I was reading before I started school and I have no plans to stop now! I usually have at least two books on the go at once, one non-fiction and one fiction. I like reading books based in reality that flick open the doors to the mysteries of the heart or of the spirit.

The Thousand Autumns of Jacob de Zoet by David Mitchell

imageRed-haired, young Dutch clerk Jacob de Zoet journeys to Dejima to make a fortune worthy of the girl he loves. This tiny, man-made island in the bay of Nagasaki, has been the sole gateway between Japan and the West for two hundred years. Now, in the dying days of the 18th-century, the streets of Dejima are thick with scheming traders, spies, interpreters, servants and concubines as the two cultures converge. Jacob is bedazzled – then he meets a beautiful, intelligent girl with a burned face and is intrigued by her to the point of confusion.

David Mitchell doesn’t write short books, an this becomes an epic tale diving deep into the back stories of its large and varied cast. It also examines the socio-economic climate of the island along with superstitions and new inventions.

In some ways this is wonderful, it’s impossible not to get a great sense of the Dejima of the Dutch, so much so that you can easily imagine yourself there.

But this book is too long. You know I usually read a book within 3 -7 days but this one I genuinely thought would take me a thousand Autumns to get through! Because of that it also did get a little dull and confusing in places, it has more than 125 characters! How’s anyone supposed to keep that straight?

I did get to the end though and I did enjoy a lot of it so I’m going to give it 3.5 bites and live with my indigestion!

 

GemBookEater
I was reading before I started school and I have no plans to stop now! I usually have at least two books on the go at once, one non-fiction and one fiction. I like reading books based in reality that flick open the doors to the mysteries of the heart or of the spirit.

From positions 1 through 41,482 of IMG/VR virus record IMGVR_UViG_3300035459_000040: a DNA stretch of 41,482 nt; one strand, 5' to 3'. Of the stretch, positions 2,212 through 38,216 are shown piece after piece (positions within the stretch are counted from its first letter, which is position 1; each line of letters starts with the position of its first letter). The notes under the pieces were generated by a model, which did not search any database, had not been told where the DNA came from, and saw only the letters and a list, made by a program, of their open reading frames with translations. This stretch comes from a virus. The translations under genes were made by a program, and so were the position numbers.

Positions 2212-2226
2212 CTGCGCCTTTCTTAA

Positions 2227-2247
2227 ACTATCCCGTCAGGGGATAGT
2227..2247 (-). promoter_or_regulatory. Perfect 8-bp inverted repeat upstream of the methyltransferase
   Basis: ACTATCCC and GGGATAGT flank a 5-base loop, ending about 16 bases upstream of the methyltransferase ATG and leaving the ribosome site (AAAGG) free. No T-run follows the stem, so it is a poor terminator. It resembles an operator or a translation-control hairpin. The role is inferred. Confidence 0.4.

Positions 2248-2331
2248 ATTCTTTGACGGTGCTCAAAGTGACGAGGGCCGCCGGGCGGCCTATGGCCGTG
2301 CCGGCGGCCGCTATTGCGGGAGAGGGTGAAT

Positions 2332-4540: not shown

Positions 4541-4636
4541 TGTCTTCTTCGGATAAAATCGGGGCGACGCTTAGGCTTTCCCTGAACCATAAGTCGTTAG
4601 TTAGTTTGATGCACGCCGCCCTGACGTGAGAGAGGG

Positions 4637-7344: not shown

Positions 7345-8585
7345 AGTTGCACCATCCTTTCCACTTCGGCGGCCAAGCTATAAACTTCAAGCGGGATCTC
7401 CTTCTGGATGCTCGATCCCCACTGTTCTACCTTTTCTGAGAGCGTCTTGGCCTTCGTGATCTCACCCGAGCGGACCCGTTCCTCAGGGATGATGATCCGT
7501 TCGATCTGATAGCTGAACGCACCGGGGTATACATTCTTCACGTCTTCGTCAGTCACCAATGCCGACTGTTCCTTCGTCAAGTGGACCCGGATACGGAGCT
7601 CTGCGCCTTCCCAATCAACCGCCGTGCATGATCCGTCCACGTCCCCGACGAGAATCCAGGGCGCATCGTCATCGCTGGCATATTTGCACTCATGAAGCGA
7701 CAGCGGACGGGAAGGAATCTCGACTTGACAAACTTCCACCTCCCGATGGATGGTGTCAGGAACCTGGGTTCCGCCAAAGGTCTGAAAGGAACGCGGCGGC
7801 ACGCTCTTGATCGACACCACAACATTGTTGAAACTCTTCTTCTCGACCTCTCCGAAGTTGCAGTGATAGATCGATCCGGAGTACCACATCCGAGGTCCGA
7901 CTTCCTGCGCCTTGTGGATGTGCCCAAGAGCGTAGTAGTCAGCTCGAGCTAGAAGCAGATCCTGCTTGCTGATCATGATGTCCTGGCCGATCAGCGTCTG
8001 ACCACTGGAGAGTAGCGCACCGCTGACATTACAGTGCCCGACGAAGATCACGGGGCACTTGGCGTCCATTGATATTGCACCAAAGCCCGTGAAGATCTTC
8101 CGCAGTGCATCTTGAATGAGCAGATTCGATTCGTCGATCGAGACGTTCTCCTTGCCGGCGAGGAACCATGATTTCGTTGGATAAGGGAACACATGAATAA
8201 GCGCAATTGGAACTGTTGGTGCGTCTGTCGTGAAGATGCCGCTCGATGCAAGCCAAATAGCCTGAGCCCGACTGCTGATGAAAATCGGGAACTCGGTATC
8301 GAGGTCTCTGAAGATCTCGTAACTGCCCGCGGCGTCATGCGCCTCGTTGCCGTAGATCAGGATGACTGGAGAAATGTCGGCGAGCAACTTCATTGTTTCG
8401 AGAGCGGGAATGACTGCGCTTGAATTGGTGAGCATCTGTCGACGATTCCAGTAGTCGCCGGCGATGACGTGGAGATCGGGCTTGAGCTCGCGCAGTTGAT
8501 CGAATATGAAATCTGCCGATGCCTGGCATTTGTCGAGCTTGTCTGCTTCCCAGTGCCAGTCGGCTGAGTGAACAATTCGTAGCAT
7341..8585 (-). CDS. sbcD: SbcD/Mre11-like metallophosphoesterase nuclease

Homegoing by Yaa Gyasi

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Click here to order from Waterstones

A woman gives birth, then sets a fire to run away leaving her child behind. The child Effia grows into a great beauty and is given in marriage to a white man, a slave trader.

Her mother gives birth to another daughter, Esi. While Effia is living above the slave dungeons her unknown sister is beneath her, laying beneath other women and feeling their urine run down between her own legs before she is dragged away on a slave ship to America.

The story follows their descendents, showing us vignettes that highlight the most important moments of their lives – the moments things changed or coelesced into their true essence. We meet them picking cotton in Mississippi, at political meetings in Ghana, in the coal mines of Pensylvania or the missionary schools of Ghana through to the dive bars of Harlem and the universites of Ghana and America.

I really enjoyed this book, it takes the one fault I found with Roots and redresses it. We stay with each character long enough to care about them and get real insight into their lives but the book also keeps moving down the generations steadily. There’s roughly equal time spent with each character whether male or female. Often characters pop up again in their children or grandchildren’s stories which feels very natural and allows the reader to feel part of the story.